The first U.S. Navy MQ-4C Triton unmanned aircraft system (UAS) has completed a flight from California to Maryland. The UAS flew 11 hours from the Northrop Grumman Corporation facility in Palmdale to Naval Air Station Patuxent River to start its next phase of testing, moving the program closer toward operational assessment. Northrop Grumman is the prime contractor for the Navy’s MQ-4C Triton UAS program.
At Naval Air Station Patuxent River, the aircraft will be outfitted with a sensor suite, before going through a series of sensor integration flights. One of Triton’s primary sensors, the AN/ZPY-3 multifunction active sensor radar, will provide an unprecedented 360-degree field of regard for detecting and identifying ships.
“Now that the aircraft has arrived, we are ready to conduct the next phase of the test program,” said Capt. James Hoke, Triton program manager, Naval Air Systems Command. “Triton is one of the Navy’s most significant investments in unmanned aircraft systems to date and we look forward to evaluating its capabilities.”
In preparation for the cross-country flight, a Navy/Northrop Grumman team completed numerous systems tests on Triton.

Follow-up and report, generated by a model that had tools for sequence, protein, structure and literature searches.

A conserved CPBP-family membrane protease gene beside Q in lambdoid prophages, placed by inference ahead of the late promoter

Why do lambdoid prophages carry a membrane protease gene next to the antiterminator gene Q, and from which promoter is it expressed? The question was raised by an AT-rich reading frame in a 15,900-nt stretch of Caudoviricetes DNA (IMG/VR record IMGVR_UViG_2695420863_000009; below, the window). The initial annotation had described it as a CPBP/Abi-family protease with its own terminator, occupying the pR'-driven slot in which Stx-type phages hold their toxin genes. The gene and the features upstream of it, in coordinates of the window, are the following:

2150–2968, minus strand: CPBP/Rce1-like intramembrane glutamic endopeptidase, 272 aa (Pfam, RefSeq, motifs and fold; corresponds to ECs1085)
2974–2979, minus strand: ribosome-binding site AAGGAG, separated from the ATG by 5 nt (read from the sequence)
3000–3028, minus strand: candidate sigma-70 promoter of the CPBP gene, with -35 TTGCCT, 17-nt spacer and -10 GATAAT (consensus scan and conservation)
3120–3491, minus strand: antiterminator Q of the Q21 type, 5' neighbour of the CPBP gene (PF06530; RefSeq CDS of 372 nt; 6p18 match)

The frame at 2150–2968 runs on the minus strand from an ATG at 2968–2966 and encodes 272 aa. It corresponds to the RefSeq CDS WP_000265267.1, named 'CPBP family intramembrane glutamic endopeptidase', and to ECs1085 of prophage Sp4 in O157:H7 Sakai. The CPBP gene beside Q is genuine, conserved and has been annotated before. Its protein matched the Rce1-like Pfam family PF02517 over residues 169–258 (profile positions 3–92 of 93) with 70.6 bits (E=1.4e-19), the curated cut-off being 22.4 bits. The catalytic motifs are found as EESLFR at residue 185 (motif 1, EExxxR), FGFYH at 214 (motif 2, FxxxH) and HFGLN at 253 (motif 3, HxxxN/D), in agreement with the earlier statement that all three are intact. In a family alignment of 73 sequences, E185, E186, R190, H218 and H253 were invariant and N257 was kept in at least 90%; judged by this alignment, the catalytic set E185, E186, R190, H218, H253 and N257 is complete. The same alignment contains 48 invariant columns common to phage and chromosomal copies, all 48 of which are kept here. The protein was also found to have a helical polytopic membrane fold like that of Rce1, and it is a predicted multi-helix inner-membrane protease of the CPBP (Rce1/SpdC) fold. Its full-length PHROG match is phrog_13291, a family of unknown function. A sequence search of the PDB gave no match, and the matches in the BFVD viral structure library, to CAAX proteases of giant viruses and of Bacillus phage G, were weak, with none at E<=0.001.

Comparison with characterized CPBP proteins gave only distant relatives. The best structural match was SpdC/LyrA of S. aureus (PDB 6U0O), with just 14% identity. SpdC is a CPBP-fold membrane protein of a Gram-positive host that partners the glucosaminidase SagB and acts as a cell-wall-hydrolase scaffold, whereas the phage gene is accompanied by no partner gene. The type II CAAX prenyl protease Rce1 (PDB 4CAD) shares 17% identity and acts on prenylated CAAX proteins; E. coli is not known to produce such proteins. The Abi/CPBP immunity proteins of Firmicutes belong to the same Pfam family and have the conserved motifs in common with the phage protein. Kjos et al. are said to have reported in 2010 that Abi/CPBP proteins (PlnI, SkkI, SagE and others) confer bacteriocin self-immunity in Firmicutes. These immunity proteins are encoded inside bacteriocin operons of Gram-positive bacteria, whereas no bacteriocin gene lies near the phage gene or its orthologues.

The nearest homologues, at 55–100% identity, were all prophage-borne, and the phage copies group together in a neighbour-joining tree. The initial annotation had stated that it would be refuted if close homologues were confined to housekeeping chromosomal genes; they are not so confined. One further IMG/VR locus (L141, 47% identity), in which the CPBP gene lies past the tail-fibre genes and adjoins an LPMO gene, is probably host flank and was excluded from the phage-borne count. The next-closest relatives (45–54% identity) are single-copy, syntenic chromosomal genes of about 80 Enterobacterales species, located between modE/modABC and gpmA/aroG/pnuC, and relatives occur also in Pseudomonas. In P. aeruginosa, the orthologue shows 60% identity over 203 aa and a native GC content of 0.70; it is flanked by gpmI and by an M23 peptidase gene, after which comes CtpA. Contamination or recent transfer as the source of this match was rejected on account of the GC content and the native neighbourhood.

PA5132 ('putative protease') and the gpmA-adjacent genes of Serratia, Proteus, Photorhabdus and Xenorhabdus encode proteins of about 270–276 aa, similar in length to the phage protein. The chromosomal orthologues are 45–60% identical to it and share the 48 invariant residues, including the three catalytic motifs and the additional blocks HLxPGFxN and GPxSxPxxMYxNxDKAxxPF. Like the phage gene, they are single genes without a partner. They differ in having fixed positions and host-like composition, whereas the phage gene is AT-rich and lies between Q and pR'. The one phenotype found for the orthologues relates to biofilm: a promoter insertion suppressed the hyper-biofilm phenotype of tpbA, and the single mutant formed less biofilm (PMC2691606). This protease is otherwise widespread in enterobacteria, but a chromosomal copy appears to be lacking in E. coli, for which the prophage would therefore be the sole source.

During the flight, the joint team controlled the aircraft from a ground station in Palmdale, which served as the forward operating base, and a Navy System Integration Lab at Patuxent River, which served as the main operating base. The aircraft traveled along the same flight path that was used to transfer the Broad Area Maritime Surveillance Demonstrator from Palmdale to Patuxent River several years ago.
“Triton is the Navy’s largest, most advanced unmanned maritime surveillance system to cross such a distance,” said Mike Mackey, Triton UAS program director, Northrop Grumman. “The successful flight was the result of a Navy/Northrop Grumman team effort, from finishing a major software package to managing equipment inspections.”
Over the next few weeks, two other Tritons, one of which is a demonstration aircraft owned by Northrop Grumman, will also fly to Patuxent River. Both will be used during system development and demonstration tests.
Triton is specifically designed for maritime missions of up to 24 hours. It can fly at altitudes higher than 10 miles, allowing for coverage of 1 million square nautical miles of ocean, in a single mission.